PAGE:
Connected to this is the fact that, even if the questions were relevant and comprehensible, they were not presented in the form of a survey designed according to generally accepted scientific methods. The quality of results one gets from a questionnaire is directly proportionate to the quality of the research instrument itself. The way in which questions are designed and phrased matters a great deal. In the synod’s preparatory document, we are dealing with a set of questions designed for discussion by bishops, not a professionally designed questionnaire.

Some dioceses, like St. Petersburg in Florida and Arundel and Brighton in England, actually designed simplified online surveys based on the discussion questions in the document. From a technical point of view, this is a step forward, but is still insufficient. The questionnaires show basic technical flaws in the way questions are worded. The result is a deficient survey instrument. Bishops and priests are not professional market researchers and should not be placed in a position where they have to take on this task.

But this is not all. A more serious error relates to the sampling strategy employed throughout this consultation. The bottom line: There was no sampling strategy. We can only generalize the results from a survey sample to the population as a whole when a random sample has been used. Did any diocese think about an appropriate random sample? What was to stop a person from filling in the survey multiple times? Furthermore, not everyone may have had an equal chance of completing the “survey” — the likelihood of even seeing a questionnaire may have depended on the attitude that the bishop or pastor took towards the consultation process in the first instance.

While the consultation process was undoubtedly well intentioned, these basic missteps in questionnaire design and sampling strategy cast a major doubt over the reliability of the entire exercise.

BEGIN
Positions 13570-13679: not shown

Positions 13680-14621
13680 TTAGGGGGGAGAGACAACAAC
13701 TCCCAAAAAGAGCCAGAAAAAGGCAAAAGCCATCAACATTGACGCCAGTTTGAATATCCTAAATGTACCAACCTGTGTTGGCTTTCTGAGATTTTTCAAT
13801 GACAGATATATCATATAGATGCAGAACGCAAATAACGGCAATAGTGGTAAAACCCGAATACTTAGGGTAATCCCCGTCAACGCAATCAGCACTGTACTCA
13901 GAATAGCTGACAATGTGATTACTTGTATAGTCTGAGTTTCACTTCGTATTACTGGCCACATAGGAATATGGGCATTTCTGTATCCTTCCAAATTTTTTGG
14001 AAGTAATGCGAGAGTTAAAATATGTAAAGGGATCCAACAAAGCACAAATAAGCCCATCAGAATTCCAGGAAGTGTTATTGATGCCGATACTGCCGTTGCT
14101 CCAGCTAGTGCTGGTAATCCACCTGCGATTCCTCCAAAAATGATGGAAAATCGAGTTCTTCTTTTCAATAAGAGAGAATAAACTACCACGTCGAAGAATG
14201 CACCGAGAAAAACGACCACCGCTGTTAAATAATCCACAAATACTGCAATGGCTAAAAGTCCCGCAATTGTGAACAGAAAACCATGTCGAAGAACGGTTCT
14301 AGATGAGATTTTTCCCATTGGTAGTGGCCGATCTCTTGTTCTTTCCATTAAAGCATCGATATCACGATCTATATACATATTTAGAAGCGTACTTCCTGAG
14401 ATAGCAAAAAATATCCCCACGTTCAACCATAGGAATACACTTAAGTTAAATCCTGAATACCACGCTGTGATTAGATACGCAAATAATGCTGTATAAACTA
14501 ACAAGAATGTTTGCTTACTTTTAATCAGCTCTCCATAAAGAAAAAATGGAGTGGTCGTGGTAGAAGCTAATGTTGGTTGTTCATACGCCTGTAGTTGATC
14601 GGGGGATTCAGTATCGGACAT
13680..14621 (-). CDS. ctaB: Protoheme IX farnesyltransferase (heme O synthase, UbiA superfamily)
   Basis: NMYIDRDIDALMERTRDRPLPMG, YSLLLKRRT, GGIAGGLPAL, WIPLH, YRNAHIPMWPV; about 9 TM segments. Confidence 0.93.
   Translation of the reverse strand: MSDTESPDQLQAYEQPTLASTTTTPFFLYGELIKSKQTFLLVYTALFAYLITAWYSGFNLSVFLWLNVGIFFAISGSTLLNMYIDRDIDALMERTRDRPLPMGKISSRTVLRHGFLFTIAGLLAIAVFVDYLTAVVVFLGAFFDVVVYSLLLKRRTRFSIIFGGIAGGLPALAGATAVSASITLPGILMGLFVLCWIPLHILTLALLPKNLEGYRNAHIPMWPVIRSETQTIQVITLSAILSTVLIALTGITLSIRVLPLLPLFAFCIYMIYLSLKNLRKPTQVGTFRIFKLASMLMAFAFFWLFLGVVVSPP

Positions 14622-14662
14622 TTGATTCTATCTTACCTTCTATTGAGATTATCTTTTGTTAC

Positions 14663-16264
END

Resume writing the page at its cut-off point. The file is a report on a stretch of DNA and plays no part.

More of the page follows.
This critique is not merely an exercise in pedantry. These flaws need to be identified and corrected precisely because the Church should conduct its business in a professionally competent manner. But they also matter because the preparatory document for next October’s Ordinary Synod of Bishops on the Family has now been published and contains a further 46 discussion questions. If anything, the questions are even more inaccessible than those posed last year. But, already, the document is being misconstrued as another official “survey” of Catholics.

Bishops must avoid another consultation approach that yields unreliable results and also contributes to the mistaken perception that the Church, like a political party, is now polling its members on matters of policy. Conducting a quantitative survey can capture information from large numbers of people, and this has a certain understandable attraction. But without proper design and sampling, any information generated is of very doubtful value.

Bishops could facilitate better consultation on pastoral practice by facilitating parish assemblies or inviting written submissions from interested laypeople, recognizing, of course, that this qualitative approach is not amenable to statistical analysis and generalization.

An even better approach would be to actually meet with families across dioceses to discuss pastoral priorities face to face. While not lending itself to dramatic newspaper headlines, pastoral outreach of this nature also has the advantage of not being easily exploited by others as a political weapon in an already divided Church.

Patrick Kenny writes from Ireland, where he is a lecturer in marketing strategy.